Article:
Nossa Cidade (“Our City”), from TheCityFix Brasil, explores critical questions for building more sustainable cities. Every month features a new theme. Leaning on the expertise of researchers and specialists in WRI’s sustainable urban mobility team in Brazil, the series will feature in depth articles on urban planning, sustainable mobility, gender, resilience, and other key themes for sparking more sustainable development in our cities.
“Life is the art of encounter even though there might be so much discord in life,” said the Brazilian poet Vinicius de Moraes, commenting on what he took to be the essence of human relations. Building on this, we can say that public spaces are at the essence of urban life. It’s in public spaces that these encounters occur and produce what we can call “the art of city life”.
When talking about public spaces, we need to first understand the important role they play in our concept of the city. Public spaces are where movements, interactions and connections between individuals happen. It is there, in freely accessible spaces, free of barriers or prejudices of any kind, that everyday city activities should occur.
However, the perception of public spaces is often restricted to images of parks and squares. Although streets, for example, count as public spaces, and generally represent the largest share of public space in a city, they are often forgotten as communal places. In large urban centers, roads dedicated to cars occupy on average 70 percent of total public space, leaving people with less than 30 percent.
Historically, city life has often been closely connected to residents’ use of public spaces on a daily basis. For example, beginning with agoras in ancient Greece, the majority of urban activities—political, economic, cultural, and social—took place in public spaces. However, after worldwide growth in car use, many of these activities moved into private settings, causing cities to neglect their communal, public spaces.
Urban life is currently undergoing a transformation in cities worldwide. Through changing land use policies, high speed rail, and new technologies that foster online interaction, urban streets and public spaces are regaining their vitality. Here are three key reasons why we need to recognize the value of public spaces in creating cities for people:
Helping Build Vibrant Communities
Urban vitality depends fundamentally on quality public spaces throughout the city that facilitate or encourage common use. These public spaces enable coincidental meetings, informal exchanges, and general community development.
It’s important that streets, squares, parks, sidewalks, and bike lanes remain open to and equitably serve all city residents. The concept of “complete streets”, which has been employed in cities worldwide, refers to a set of urban design principles that aim for accessible, safe, and people-centered streets.
In addition to design, some cities are also exploring creative ways of revitalizing public spaces. For example, Montreal, Canada, created the 21 Balançoires (21 Swings) project—a play structures with swings that reproduce musical notes. Public spaces are for everyone and should be accepting of a variety of uses—from tactical urbanism projects to casual picnics in the park.
Reinforcing the Local Economy
Quality public spaces not only provide people with areas for leisure and physical exercise, but also have the potential to boost the local economy. In Seoul, South Korea, the Cheonggye Stream Park is a great example of how this can work. Built in 2005, where an urban highway had once displaced 40,000 residents and 80,000 jobs, the park has been steadily raising economic activity in the local community. Because of redevelopment, the real estate industry experienced a 25 percent increase in the average price per square meter of local properties—15 percent higher than values in other areas of the city.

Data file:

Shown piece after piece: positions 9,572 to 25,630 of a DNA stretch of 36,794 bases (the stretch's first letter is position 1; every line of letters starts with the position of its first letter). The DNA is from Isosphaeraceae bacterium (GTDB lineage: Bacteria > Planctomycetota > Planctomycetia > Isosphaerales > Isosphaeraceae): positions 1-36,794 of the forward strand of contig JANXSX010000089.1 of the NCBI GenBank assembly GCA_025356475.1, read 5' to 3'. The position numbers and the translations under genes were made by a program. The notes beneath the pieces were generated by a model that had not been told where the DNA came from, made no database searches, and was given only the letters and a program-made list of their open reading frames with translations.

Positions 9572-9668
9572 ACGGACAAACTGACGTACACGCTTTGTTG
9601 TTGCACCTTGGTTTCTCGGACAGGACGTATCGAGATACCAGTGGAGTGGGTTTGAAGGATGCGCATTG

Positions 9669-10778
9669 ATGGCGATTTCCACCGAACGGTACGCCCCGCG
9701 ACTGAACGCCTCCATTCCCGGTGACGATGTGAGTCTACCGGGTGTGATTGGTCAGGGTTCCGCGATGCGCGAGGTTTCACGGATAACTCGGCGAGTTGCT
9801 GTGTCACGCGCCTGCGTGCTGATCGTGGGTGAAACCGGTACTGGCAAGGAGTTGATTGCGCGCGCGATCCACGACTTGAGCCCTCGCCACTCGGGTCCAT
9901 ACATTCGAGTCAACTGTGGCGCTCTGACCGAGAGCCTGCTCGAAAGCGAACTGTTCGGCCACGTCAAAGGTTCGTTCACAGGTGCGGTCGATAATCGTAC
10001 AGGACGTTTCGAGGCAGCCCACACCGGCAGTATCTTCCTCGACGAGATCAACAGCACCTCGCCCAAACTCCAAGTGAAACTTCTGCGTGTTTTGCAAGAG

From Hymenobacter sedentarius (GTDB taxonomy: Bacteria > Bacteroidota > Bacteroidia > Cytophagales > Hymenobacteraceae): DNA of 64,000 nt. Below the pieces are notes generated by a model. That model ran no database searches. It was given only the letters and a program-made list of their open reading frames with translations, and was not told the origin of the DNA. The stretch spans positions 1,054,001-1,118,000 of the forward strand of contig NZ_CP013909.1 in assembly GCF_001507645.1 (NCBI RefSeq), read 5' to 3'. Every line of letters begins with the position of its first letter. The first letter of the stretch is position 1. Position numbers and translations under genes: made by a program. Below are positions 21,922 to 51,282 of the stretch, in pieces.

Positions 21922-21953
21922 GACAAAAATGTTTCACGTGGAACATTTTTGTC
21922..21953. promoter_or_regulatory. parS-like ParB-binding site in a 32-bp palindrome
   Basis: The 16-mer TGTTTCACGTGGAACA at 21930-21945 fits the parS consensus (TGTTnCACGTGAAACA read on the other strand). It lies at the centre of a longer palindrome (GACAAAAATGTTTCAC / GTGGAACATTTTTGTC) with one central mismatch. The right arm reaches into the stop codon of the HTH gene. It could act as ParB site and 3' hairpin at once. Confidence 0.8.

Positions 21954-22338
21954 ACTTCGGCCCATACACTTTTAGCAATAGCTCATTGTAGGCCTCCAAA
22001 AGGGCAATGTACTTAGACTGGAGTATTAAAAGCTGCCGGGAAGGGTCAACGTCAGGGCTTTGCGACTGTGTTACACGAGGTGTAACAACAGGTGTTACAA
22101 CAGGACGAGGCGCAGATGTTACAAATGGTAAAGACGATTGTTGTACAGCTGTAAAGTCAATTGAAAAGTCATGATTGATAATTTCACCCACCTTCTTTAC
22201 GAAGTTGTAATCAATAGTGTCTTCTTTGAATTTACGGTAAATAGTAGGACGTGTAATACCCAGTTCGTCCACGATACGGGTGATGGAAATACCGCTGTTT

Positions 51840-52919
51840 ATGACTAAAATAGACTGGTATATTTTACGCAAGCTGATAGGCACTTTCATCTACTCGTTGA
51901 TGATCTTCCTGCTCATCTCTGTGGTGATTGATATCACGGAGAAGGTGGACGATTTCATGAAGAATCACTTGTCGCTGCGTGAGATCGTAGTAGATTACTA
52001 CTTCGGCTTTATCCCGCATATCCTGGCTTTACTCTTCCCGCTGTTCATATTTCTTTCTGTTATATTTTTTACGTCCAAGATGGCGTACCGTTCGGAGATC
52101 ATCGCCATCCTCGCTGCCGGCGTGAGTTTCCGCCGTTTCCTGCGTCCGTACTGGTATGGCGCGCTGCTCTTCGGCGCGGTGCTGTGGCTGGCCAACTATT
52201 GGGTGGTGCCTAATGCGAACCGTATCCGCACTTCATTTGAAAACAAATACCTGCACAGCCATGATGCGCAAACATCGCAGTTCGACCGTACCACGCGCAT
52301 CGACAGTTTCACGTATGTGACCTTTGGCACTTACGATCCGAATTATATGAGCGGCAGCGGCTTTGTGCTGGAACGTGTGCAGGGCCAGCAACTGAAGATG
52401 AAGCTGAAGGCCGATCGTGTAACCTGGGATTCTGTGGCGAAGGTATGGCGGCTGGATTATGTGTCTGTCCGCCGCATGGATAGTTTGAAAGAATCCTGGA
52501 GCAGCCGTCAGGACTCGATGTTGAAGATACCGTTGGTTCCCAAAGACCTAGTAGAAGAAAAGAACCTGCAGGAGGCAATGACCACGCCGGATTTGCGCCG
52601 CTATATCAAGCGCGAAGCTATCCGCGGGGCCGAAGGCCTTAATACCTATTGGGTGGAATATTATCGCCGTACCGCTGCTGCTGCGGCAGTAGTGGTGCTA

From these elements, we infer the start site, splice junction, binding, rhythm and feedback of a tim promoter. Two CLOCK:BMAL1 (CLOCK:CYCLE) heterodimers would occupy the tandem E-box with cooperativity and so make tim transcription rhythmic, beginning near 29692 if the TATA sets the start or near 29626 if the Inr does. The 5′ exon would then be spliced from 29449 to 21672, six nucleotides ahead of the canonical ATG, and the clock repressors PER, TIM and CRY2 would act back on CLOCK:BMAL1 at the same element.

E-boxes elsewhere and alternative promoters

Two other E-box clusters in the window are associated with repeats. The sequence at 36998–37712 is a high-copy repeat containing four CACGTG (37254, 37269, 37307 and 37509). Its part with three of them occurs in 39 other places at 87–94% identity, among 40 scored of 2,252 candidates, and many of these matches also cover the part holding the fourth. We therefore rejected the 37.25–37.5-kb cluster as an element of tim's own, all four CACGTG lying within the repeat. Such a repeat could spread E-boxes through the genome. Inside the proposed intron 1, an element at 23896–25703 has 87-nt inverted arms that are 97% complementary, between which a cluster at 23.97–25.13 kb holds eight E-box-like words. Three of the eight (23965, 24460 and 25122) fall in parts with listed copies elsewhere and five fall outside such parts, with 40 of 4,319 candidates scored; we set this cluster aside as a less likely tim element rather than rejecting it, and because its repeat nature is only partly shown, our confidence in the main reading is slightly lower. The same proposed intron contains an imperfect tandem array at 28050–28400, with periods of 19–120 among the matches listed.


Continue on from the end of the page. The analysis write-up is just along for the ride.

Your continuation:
The project has drawn international media attention is now a popular tourist spot in the city. But more importantly, the space has returned to Seoul’s residents, restoring vegetation, improving air quality, and creating a generally healthy and attractive environment for the local community.
This is just one example of how public space can positively impact a city’s economy. Activities such as streets fairs and cultural festivals are other features that enhance the local economy and contribute to the diversity of activities that can happen in public space.
Greening Public Spaces to Reduce Environmental Impacts
When public spaces include urban greenery, they can support an ecosystem of indigenous natural life within the built environment. Squares, parks, and other green corridors can be used strategically to mitigate environmental impacts, increase urban resilience, and give residents an opportunity to connect with natural life.
In the Grajaú neighborhood of São Paulo, for example, the city created a park called Parque Cantinho do Céu. It was designed to preserve one of the most important water sources for the metropolitan region and is part of a joint city-state initiative called the Water Source Program. The Water Source Program aims to maintain balanced networks of water and sewage, draining rainwater and extending sanitation services to marginalized communities. The park is not only a recreational public space for the residents of São Paulo. The Cantinho do Céu park also improved resilience and quality of life in a neighborhood that was once particularly vulnerable.
This article was originally published in Portuguese on TheCityFix Brasil.